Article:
Being an Assam instinctive, I am very distressed and disturbed reading about a new-age atrocities happening in Assam. I wonder what has been named erroneous by the people now? Why are there so many barbarities and communal riots happening in Assam? November 1, 2018, five young Bengali-speaking daily workers were killed in a Bengali-dominated area of Sadiya Saikhowaghat, Bisonimukh village of Tinsukia district, Assam. People and the police suspect the ULFA—United Liberation Front of Asom (Independent). Yet, a spectator said that there were five to six gunslingers who came and snatched those five people. The dupes have been recognised as Shyamal Biswas (60), Ananta Biswas (18), Abhinash Biswas (23), Subal Das (60) and Dhananjay Namasudra (23).
In Assam, this type of incident is not a new one. Earlier also we faced such incidents but the government has done nothing about it. This makes me wonder: are our lives here so low-cost? Is there any security and safety for us? Does the government have sufficient time to look after these issues rather than just unveiling stone structures? I guess no.
In July 2012, communal riots between ethnic Bodos and Bengali-speaking Muslims (mostly settlers of Bangladeshi origin) occurred. As per the reports and data as of 8 August 2012, 77 people had died and over 400,000 people were taken into 270 relief camps, after being banished from nearly 400 villages. What did the government do to stop it? NOTHING. Just blaming each other, and searching for who is a Muslim and who is a Hindu!
In India, we have so many disputes other than just Hindu-Muslim uprisings. Just to grab a seat of political power, the political agenda has been Hindu-Muslim riots, since the beginning. On November 29, 2016, 27-year-old Morjina Bibi faced harassment because of this. She was woken up by frequent knocks on her door, she opened the door and saw two female police officers standing. Then some other policemen forcibly moved into her house and asked her to go with them. The reason was that she was seen as a “Suspicious” or “D” voter–a theory introduced by India’s Election Commission in 1997. And, on July 17, 2017 she was free after it turned out she was a case of false identity. She was unable to eat or sleep. What could she do? NOTHING. Based on just assumptions you cannot just attack somebody’s house at midnight and take them to jail.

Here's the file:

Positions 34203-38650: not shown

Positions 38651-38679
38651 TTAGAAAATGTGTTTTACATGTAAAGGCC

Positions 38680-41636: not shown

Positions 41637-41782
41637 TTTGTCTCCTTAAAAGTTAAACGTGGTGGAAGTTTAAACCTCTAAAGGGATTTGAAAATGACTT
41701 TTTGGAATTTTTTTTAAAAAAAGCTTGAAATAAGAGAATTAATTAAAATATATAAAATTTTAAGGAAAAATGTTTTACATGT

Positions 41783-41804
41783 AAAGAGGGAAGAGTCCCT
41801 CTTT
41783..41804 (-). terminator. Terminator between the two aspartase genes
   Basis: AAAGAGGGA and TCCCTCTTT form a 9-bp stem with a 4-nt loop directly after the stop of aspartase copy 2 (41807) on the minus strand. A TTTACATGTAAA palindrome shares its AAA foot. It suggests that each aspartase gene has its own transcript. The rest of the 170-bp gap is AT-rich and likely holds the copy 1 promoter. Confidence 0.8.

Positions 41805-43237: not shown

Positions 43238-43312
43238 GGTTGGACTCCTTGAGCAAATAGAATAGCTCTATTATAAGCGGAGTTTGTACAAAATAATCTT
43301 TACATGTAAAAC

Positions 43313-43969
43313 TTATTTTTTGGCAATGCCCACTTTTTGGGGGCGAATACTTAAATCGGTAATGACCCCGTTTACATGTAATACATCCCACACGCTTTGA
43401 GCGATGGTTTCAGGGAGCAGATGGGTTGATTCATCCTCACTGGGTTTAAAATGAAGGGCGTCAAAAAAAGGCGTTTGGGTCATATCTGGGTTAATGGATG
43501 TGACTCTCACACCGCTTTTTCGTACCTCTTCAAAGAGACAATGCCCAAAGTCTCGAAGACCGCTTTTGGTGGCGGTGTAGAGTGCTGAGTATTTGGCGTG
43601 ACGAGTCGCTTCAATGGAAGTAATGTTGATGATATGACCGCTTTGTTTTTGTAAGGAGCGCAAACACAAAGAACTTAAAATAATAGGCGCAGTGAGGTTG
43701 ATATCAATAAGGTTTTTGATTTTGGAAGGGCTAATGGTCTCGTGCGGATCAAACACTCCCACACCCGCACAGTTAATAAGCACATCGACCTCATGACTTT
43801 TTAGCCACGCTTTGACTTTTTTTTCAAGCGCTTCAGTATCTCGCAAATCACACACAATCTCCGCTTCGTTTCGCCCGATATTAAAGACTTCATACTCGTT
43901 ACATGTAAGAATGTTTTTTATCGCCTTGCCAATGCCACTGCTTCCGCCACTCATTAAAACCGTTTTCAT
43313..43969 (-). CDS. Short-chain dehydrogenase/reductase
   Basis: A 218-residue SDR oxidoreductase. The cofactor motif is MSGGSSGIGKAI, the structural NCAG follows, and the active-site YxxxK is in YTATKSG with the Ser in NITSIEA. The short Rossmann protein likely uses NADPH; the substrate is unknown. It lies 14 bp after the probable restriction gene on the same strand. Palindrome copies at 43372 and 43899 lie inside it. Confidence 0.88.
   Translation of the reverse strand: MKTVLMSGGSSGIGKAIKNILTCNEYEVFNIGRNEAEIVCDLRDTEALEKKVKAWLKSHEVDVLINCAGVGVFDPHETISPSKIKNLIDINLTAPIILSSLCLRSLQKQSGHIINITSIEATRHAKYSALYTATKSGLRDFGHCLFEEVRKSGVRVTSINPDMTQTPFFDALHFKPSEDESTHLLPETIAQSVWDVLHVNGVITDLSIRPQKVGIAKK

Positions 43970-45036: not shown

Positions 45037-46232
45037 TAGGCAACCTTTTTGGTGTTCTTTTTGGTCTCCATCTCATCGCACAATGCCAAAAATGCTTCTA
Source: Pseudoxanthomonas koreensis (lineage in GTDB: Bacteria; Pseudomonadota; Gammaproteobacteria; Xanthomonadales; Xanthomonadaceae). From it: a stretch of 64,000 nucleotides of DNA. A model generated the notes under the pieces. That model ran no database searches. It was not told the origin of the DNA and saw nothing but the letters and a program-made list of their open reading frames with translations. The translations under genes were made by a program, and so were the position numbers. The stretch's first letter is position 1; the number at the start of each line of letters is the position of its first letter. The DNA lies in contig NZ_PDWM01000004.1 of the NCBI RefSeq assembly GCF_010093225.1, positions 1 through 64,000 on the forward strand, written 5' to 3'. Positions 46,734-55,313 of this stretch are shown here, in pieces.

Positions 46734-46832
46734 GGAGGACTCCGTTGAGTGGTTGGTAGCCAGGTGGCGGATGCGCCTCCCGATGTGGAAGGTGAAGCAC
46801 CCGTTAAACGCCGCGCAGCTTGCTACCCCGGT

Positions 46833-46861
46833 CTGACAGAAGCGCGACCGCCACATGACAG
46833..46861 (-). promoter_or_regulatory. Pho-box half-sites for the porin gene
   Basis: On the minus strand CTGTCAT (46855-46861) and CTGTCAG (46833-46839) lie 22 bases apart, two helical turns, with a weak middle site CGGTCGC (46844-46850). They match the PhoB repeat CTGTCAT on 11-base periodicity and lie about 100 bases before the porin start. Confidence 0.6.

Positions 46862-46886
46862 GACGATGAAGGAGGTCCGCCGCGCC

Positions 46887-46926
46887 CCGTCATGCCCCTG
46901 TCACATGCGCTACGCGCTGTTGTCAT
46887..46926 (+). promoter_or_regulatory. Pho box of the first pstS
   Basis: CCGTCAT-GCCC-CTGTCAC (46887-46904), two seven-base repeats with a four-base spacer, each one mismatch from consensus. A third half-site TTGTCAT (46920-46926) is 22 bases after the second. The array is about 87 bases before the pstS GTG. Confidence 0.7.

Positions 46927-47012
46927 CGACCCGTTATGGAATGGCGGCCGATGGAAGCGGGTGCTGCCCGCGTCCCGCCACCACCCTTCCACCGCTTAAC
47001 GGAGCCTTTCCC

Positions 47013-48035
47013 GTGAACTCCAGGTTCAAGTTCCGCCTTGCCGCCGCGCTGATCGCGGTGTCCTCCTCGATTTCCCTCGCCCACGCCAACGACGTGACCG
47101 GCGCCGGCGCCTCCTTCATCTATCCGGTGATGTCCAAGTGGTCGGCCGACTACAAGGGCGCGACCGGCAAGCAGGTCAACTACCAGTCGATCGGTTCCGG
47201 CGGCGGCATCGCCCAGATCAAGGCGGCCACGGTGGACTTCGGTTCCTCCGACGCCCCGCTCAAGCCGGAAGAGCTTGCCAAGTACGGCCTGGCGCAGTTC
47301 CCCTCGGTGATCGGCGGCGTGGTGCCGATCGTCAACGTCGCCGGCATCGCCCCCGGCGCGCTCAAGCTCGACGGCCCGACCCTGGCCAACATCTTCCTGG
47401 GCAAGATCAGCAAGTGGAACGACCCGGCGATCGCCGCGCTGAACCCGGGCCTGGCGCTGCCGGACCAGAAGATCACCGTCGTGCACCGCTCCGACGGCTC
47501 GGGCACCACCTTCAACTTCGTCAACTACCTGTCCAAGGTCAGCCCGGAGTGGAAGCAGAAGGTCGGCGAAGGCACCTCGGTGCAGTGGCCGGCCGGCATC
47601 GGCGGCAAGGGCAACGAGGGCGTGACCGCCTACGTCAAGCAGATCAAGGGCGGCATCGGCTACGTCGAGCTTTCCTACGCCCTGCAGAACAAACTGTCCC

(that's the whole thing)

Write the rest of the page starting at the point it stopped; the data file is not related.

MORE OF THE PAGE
And what happened with the incident of Nilotpal Das and Abhijeet Nath? I haven’t seen any kind of strong and bold step from our government, despite all of these happenings. However, Assam’s Barak Valley has larger concerns than the problem of being Assamese or Bengali or from other aboriginal tribes. The main matter is the Citizenship (Amendment) Bill 2016. The Citizenship Act 1955 allowed illegitimate settlers of six communities (Hindus, Sikhs, Buddhists, Jains, Parsis and Christians) from three countries (Bangladesh, Afghanistan, and Pakistan) to apply for Indian citizenship. However, Muslims do not find a single mention in the Bill. For this, each and everyday people are facing atrocities.
What I want to say is the government is oblivious or rather it doesn’t care about the North-Eastern area. Where are the laws? Where is the government? Maybe busy chewing some betel nuts with chaai, isn’t it? Or planning to erect another statue? Or maybe planning to make India more digital in an inconsistent way? Are all these things more important than the lives of citizens? Maybe.
There are so many concerns we face today and the needless fights are making me sick.
Last month, in Silchar, Assam, a young girl was brutally harassed and attacked by a mob suspecting her of having an affair with a Muslim guy. Later, when she went to the police, they didn’t register her complaint. That guy was her brother, by the way.
So, this is the way are growing!
Just take a minute from your busy schedule and think: is this the country which we dreamt of? You will get an answer.